Hence rural life is catching up again, as we drive 200 miles on the good and new tarmac road to Phnom Penh. The capital of Cambodia is not love at first sight. On our first day, we feel quite distressed at the big number of begging children, who follow us persistently with open hands and imploring eyes. But soon we realize that they belong to the image of Phnom Penh as do the luxury cars of the privileged. Later we learn that they are not opportunists, but a well organized “mafia” of beggars, making up to US$400 a month from Western tourists. But after some days, we get accustomed to them and they do likewise the same. We are becoming a kind of attraction with our special car too. Whenever and wherever we park the vehicle, we become surrounded by a crowd of curious people who admire and study the list of visited countries listed on both sides of the car, trying to count them and start to talk to us in Cambodian despite that we do not understand one word. Sometimes somebody speaks a little bit English, usually then translating loudly everything, what attracts more and more people. And after some days, we even start to like Phnom Penh – its provincial character, broad avenues and slow, rather relaxed traffic; but also the range of cheese and ham in the two major supermarkets, the exotic street markets, the many internet cafes and the numerous choices of restaurants are nice to explore. Our favorite spot remains the Mekong river front, which gets very lively with families in the evening when the heat cools down and where always at the same time “Rambo”, the old elephant, is passing by with its mahout on its way home. “Rambo” loves our bananas, which disappear always very fast in its throat.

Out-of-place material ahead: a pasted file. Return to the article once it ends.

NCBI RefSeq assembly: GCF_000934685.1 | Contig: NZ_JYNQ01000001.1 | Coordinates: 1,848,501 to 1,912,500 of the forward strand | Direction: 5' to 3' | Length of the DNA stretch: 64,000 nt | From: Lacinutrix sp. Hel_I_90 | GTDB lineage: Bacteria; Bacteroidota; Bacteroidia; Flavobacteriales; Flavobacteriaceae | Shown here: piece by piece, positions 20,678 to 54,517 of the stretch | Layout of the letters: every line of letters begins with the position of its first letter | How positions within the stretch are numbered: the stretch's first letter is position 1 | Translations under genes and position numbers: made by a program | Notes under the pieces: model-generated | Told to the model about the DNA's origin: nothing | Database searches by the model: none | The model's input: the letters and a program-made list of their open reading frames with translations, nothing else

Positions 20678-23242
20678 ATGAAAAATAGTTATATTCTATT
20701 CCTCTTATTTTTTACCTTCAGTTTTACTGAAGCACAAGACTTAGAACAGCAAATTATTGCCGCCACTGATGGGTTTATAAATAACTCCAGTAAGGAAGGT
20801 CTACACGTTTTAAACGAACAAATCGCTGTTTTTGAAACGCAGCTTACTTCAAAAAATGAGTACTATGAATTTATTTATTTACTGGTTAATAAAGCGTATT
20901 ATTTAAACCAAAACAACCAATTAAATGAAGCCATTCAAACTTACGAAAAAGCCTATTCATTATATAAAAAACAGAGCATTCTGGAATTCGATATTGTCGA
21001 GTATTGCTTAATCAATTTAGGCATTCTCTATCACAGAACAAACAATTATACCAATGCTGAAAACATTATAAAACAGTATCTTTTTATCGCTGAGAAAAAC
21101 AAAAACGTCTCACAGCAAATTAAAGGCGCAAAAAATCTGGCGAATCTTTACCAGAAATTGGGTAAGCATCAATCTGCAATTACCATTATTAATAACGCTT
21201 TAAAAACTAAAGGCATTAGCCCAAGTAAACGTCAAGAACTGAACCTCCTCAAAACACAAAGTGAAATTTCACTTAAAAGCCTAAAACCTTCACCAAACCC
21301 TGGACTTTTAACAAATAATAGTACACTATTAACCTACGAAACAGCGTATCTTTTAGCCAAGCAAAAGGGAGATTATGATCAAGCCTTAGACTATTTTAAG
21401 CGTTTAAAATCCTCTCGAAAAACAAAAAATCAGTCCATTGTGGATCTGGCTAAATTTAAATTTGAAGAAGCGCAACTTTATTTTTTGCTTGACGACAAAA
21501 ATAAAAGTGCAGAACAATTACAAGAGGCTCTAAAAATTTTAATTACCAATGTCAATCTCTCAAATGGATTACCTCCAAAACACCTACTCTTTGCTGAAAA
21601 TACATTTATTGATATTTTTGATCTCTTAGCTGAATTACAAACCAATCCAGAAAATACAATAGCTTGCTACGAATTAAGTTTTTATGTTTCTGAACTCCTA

The ‘Iron House’ in the
Royal Palace in Phnom Penh
„Rambo“, the Elephant, trotting
with its mahout through Phnom Penh
Monks wandering around the city